Just FYI because there is Mac discussion here and Tranz, myself, and others are doing mini mods: Apple is unique (at least the Mac mini is) in that they put the PWM controller chip somewhere inside the fan itself, whereas on most PC motherboards the PWM controller for the fan voltage is on the motherboard. John Swenson has designed for me a linear fan controller/filter circuit to be part of our Mac mini DC conversion board (it eliminates the PWM pulses but still allows the Mac to read the tachometer line and control the fan speed to suit thermal needs). When I asked him if the same circuit, which uses a servo controller op-amp, could be adopted for us to offer a linear controller/filter for general us with CAPS motherboards (ala SOtM's fan filter but with linear voltage control), that's when he explained how PC motherboards are different in that the PWM for the fan is on the motherboard and not possible to easily circumvent.

 

BTW, prototype boards to test John's linear fan control circuit have already been ordered (I got all the parts, micro connectors, and an OEM Mac mini fan sent to hims last week). His plan is to first measure the noise/radiation/pulses grunge from the stock PWM hook-up; then from the fan run on straight DC (at say 5V, 7V, 9V,12V--he'll just use the prototype of our JS-2 which has those voltages via switch setting); and finally with his controller circuit. For marketing purposes I asked him to try to capture some of those measurements (ideally in visual form, but if not, then even just in notes). I still wonder if there isn't some way to do this for non-Mac motherboards, but right now my focus is on completing the board for the mini so it will be ready in time to offer with the JS-2--which I start fully assembling late the first week of June (chassis, boards, and R-cores all ship to me from various corners of the globe on the 30th).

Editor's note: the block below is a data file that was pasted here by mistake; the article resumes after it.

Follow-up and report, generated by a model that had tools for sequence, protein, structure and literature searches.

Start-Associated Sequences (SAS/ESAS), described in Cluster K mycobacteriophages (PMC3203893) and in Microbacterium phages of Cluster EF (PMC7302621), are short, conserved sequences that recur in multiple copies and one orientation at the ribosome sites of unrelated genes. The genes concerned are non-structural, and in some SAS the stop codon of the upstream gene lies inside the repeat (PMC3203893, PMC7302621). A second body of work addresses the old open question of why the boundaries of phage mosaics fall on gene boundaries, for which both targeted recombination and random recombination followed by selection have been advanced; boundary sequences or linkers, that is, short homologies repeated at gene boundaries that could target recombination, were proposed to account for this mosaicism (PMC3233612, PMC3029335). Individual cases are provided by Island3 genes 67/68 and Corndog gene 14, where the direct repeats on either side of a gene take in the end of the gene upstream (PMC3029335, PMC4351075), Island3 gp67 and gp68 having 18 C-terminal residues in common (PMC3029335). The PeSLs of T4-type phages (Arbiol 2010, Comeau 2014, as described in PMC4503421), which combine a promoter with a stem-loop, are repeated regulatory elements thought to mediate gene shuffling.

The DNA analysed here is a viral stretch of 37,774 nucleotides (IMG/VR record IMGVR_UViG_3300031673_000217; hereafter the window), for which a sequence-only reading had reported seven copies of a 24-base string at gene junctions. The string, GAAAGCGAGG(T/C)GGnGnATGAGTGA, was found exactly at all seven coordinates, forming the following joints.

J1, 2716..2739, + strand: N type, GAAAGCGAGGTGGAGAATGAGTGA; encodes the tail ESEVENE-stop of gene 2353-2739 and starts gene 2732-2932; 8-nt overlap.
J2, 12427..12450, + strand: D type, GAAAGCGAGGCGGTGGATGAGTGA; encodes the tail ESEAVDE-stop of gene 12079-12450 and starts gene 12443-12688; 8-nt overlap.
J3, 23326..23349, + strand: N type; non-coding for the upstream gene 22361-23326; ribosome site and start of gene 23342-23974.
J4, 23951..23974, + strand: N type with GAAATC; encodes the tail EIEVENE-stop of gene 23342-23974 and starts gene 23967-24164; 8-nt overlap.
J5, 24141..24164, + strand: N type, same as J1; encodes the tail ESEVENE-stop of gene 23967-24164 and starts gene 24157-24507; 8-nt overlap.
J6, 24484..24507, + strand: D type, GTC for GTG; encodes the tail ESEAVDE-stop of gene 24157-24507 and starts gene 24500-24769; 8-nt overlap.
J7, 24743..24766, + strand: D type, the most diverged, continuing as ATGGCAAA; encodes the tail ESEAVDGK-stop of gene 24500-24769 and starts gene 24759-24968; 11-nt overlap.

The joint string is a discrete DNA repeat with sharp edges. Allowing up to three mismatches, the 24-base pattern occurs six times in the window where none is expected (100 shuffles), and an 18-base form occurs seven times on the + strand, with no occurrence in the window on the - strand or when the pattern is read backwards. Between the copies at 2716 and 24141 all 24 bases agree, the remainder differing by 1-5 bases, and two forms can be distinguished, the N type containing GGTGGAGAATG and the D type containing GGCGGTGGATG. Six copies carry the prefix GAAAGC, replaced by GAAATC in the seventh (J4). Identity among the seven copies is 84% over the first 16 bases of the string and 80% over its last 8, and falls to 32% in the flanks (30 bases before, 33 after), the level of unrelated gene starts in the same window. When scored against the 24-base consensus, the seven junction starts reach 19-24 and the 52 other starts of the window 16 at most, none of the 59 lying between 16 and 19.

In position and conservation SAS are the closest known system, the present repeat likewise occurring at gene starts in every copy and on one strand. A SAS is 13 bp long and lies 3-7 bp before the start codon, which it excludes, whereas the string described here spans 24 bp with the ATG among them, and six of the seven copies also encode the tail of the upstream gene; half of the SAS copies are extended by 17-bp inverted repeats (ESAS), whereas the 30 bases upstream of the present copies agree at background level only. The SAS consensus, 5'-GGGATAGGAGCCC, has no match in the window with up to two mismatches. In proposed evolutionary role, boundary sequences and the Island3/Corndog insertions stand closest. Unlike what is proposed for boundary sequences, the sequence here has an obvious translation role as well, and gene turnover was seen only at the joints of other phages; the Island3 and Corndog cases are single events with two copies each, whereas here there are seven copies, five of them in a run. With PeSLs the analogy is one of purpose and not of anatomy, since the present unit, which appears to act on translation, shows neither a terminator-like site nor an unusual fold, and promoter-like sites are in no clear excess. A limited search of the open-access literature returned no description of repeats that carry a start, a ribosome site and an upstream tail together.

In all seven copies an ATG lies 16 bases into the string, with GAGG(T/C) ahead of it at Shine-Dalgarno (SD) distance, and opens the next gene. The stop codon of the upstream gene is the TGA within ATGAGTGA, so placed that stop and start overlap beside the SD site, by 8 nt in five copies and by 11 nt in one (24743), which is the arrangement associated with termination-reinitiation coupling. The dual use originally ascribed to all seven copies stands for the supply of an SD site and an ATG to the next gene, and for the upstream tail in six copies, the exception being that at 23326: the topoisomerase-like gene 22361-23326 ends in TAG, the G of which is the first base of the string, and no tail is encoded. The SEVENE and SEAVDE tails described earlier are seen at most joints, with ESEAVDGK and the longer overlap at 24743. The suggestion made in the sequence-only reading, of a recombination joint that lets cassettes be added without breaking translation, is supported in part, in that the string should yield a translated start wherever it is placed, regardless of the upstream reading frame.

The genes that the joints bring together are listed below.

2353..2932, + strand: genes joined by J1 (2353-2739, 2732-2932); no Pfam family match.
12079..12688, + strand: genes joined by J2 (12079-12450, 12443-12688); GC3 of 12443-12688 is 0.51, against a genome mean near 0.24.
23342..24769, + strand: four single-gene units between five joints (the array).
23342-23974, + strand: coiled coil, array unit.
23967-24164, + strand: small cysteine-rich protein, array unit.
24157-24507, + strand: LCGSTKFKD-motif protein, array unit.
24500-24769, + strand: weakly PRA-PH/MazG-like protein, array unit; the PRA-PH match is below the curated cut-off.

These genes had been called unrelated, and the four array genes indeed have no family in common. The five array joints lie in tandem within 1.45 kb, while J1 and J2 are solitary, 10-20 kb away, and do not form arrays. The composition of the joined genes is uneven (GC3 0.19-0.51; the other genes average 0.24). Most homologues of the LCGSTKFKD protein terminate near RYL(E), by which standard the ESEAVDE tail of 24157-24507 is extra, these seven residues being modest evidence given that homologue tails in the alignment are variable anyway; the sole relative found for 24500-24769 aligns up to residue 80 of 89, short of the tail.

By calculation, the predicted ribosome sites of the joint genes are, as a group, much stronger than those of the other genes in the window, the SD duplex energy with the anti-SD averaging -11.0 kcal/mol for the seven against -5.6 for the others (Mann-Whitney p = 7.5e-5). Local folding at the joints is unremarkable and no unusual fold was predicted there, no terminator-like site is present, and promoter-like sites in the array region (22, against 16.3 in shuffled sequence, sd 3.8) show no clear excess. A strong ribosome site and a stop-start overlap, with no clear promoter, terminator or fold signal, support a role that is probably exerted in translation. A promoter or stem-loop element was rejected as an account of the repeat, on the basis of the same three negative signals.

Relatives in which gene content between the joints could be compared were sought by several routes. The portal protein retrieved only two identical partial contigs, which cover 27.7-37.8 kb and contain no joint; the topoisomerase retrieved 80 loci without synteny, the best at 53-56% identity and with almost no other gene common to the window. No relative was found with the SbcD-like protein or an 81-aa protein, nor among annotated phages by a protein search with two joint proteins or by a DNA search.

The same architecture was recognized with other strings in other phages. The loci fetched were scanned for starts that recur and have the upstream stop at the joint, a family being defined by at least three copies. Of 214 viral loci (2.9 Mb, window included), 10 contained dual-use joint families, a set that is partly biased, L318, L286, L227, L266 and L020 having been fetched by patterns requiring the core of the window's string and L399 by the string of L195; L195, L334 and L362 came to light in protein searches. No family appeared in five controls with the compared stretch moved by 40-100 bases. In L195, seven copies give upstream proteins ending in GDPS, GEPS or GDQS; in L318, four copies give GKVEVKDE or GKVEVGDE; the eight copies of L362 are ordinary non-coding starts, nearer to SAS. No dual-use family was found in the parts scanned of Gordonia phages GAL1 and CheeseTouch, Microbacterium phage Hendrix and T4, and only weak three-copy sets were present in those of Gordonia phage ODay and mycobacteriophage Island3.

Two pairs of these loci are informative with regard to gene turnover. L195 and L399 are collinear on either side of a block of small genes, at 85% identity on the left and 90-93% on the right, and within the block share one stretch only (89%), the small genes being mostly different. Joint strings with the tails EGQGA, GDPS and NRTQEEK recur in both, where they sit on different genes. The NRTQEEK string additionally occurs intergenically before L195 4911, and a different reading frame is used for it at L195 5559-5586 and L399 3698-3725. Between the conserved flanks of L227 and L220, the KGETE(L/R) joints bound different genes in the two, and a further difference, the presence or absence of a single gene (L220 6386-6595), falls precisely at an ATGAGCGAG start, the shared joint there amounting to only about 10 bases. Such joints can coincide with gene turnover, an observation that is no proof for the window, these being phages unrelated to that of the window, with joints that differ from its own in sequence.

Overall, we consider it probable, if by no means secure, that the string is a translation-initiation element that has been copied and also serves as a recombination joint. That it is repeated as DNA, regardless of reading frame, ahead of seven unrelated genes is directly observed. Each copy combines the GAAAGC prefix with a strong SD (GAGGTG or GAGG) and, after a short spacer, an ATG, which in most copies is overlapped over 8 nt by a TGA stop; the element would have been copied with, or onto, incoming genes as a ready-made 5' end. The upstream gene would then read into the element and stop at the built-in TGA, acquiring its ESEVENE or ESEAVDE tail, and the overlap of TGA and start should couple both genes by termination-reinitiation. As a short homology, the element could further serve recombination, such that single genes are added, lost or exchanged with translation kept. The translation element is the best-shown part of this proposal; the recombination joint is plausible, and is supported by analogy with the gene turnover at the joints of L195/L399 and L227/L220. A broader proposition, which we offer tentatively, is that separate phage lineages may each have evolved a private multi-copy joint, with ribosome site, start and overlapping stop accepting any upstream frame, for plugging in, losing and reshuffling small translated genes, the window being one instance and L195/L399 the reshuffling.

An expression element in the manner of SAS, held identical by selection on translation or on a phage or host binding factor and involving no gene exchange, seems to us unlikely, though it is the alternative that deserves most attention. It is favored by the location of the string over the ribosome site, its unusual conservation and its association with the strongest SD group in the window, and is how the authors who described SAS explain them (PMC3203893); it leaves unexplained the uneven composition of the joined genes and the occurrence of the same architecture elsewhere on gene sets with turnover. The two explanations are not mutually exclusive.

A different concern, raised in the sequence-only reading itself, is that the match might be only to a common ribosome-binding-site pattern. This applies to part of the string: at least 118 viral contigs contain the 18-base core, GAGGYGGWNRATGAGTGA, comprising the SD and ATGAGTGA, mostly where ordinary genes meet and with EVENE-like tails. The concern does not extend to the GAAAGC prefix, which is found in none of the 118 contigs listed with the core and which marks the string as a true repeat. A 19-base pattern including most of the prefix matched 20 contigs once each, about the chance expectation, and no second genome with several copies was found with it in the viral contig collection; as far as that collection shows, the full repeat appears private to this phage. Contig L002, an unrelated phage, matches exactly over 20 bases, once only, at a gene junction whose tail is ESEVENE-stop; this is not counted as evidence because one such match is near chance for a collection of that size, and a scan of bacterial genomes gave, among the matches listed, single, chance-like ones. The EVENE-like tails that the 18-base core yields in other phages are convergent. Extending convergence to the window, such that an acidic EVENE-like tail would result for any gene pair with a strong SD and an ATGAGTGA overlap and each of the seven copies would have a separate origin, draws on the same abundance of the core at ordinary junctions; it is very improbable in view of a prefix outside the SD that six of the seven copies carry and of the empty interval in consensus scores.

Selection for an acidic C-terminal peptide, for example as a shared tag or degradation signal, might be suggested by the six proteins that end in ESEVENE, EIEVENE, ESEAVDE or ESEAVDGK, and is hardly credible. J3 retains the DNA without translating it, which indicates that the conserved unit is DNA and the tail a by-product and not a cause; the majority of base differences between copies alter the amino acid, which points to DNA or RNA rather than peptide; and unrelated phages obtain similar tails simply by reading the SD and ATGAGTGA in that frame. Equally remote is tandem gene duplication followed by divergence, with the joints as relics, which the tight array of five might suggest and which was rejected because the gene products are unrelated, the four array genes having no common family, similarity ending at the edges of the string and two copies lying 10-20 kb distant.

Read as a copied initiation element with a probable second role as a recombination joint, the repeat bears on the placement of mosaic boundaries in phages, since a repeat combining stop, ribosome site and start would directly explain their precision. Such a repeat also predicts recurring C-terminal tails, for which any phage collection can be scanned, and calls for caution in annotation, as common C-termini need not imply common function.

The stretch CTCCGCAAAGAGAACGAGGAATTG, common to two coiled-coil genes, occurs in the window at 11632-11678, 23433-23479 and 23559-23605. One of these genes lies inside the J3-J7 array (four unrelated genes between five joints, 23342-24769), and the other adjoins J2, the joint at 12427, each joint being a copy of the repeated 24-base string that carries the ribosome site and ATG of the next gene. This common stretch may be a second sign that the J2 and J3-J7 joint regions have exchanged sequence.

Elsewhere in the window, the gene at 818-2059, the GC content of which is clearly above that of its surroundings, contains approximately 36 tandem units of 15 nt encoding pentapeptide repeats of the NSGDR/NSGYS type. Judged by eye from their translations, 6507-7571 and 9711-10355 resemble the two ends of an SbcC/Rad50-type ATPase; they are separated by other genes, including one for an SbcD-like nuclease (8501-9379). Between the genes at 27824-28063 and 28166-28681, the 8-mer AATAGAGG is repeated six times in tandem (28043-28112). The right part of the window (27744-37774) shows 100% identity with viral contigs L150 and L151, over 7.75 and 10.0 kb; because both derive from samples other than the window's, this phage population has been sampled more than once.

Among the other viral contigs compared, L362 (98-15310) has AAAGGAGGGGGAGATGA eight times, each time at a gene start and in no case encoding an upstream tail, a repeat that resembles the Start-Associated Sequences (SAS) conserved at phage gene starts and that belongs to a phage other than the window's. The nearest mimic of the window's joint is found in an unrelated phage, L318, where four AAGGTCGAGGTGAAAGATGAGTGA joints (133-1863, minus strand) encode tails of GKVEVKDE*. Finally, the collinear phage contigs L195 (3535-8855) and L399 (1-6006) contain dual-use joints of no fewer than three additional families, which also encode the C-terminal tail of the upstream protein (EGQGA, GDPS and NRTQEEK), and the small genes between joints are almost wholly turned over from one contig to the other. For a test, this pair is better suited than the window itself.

Ciao,

 

Alex C.

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If you separate playback from processing hardware, you will definitely not benefit from enhancements of the audio output circuits...

Thanks yes I knew that, the Biostar question was not for my needs but for others doing their own CAPS server. The later comments on typical mobo fan electrical noise are very useful, I'll pay attention to that aspect. A pre-built Zuma is my likely direction.

Mac Mini 2012 with 2.3 GHz i5 CPU and 16GB RAM running newest OS10.9x and Signalyst HQ Player software (occasionally JRMC), ethernet to Cisco SG100-08 GigE switch, ethernet to SOtM SMS100 Miniserver in audio room, sending via short 1/2 meter AQ Cinnamon USB to Oppo 105D, feeding balanced outputs to 2x Bel Canto S300 amps which vertically biamp ATC SCM20SL speakers, 2x Velodyne DD12+ subs. Each side is mounted vertically on 3-tiered Sound Anchor ADJ2 stands: ATC (top), amp (middle), sub (bottom), Mogami, Koala, Nordost, Mosaic cables, split at the preamp outputs with splitters. All transducers are thoroughly and lovingly time aligned for the listening position.